There is variability in the uptake of the COVID-19 vaccine based on age, geographic location, politics, and demographics; however, race and ethnicity is one of the largest contributing factors. Vulnerable populations, particularly Black and Latinx, have lower vaccine uptake for a myriad of reasons. This article is spot on in discussing that a “one size does not fit all” approach is critical. However, the clinician who is recommending the vaccine may also impact patient and parents’ decisions as noted in Nature. We know that longitudinal relationships between primary care physicians and patients is another critical component to building trust in any medical recommendations. As a family physician, I often have patients and families for whom I have cared for years and built significant trust with. We know that minority patients are often more satisfied and feel more connected and more engaged in healthcare decisions if their doctor speaks the same language and shares the same culture, often resulting in higher quality care. Racially concordant physicians are an important piece when discussing sensitive topics, such as vaccines; As a White male physician, I often try my best when discussing these topics with minority patients, but I know I am perhaps not as effective. Nonetheless, effective patient-/family-centered communication can be taught to any clinician. Furthermore, I try to address and acknowledge historic wrongs by the medical community that may lead to greater lack of trust. When it comes to public health messaging, the messenger is often as important—if not more important—for minority communities who may have greater hesitance or questions about vaccines. Local religious leaders, permeators, or respected individuals of the community may in fact be the best messengers. Public health departments and healthcare workers must specifically sit down and partner with these leaders before we can truly reach enough of our most vulnerable populations. If we truly want to address health disparities, we must acknowledge our past and diversify our healthcare workforce.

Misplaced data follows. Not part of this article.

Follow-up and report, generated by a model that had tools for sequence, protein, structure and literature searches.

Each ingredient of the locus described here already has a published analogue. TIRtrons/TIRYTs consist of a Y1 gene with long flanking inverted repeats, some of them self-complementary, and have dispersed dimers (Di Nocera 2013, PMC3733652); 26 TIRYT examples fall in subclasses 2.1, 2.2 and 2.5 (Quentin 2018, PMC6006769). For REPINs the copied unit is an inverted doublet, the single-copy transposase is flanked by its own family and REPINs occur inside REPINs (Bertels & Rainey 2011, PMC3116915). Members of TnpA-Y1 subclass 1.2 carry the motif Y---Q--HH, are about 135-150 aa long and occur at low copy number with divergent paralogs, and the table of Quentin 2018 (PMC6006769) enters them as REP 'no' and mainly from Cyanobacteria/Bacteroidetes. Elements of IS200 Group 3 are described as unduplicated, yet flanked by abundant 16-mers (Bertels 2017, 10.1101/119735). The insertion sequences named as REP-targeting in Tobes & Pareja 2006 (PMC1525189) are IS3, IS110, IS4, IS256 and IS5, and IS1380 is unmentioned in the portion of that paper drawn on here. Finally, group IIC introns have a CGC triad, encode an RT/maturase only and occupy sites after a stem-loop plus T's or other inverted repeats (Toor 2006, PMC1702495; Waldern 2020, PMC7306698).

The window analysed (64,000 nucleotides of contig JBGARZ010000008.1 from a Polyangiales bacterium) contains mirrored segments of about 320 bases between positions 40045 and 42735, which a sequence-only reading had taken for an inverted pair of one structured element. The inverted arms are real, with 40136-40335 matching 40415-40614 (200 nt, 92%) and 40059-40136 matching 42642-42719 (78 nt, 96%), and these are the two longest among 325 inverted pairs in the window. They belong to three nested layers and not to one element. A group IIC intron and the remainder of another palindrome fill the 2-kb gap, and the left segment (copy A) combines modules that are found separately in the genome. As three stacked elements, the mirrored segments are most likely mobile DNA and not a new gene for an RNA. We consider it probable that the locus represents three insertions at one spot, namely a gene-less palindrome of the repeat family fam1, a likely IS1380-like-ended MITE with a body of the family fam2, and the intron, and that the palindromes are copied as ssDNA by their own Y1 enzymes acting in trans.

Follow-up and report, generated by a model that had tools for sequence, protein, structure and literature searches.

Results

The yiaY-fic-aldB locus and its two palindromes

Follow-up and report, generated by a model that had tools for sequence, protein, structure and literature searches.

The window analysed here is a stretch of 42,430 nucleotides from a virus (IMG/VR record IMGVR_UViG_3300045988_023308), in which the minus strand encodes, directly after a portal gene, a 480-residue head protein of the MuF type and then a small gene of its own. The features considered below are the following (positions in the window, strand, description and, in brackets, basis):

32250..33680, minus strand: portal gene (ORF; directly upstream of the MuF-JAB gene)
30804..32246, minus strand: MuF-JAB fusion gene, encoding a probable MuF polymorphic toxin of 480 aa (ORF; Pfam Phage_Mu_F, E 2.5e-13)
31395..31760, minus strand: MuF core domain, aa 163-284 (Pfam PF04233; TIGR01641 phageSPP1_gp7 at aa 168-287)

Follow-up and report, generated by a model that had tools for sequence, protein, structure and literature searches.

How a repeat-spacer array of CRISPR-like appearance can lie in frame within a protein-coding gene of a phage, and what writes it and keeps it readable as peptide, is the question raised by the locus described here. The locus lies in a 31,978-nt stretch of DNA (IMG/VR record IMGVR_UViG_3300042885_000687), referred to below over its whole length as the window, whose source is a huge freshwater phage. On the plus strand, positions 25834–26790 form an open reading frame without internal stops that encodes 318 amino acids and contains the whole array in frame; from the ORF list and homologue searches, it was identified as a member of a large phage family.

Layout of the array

Physician Demographics: Community Leaders & Trust - Dr. Umbereen Nehal
As a medical student when the Wakefield paper was published, I did not realize that selecting pediatrics meant a career combating vaccine misinformation. Distrust in doctors seemed unfathomable; to me, a doctor was my Pakistani surgeon great aunt who founded a hospital and cared for both elite families and refugees. Antivaxx appeals to suburbanites who trust the “wellness” industry, while media amplifies alarmist content. Though the pandemic killed ~1 million Americans, disproportionately minorities, the Washington Post ran a narrowly focused health article that doctors’ offices “fat-shame” women by measuring weight. I explained to the reporter that bias is a crosscutting issue that includes Black patients undertreated on pain and fat-phobia. Data are essential to advancing equity. My own late mother was labeled low priority for COVID care in Texas based on her age, ethnicity, chronic illness, and BMI. I was misquoted as I would “not allow” patients to opt out of weights. Authoritarians imposing our will is how doctors and public health are often portrayed. “Anti-establishment advocate” identity, not poor science literacy, drives rejection of public health. Public health does need to regain trust before we can act as one “community.” The eugenics movement subjected African-Americans to forcible sterilization. In 2014, public health deans reprimanded the CIA’s misuse of vaccines for espionage. This validated fears that “Western vaccines sterilize Muslims.” Polio eradication stalled as vaccine workers were shot as “spies.” Media also inflames. Recently, “feminist” anthropology professors sought media attention, prior to IRB approval of their “vaccine side effect” online poll, with beliefs that the COVID vaccine disrupted menses/fertility. This fertility fear is shared by evangelicals. Yale researchers describe evangelicals as “immune” to vaccine education. This is perplexing when evangelical doctors, Dr. Birx and Dr. Collins, oversaw COVID vaccine development. Why is Black doctors’ pro-vaccine community outreach more effective in driving vaccine uptake? Whether my Pakistani surgeon great-aunt or “Abuela” in Encanto, communities trust local leaders.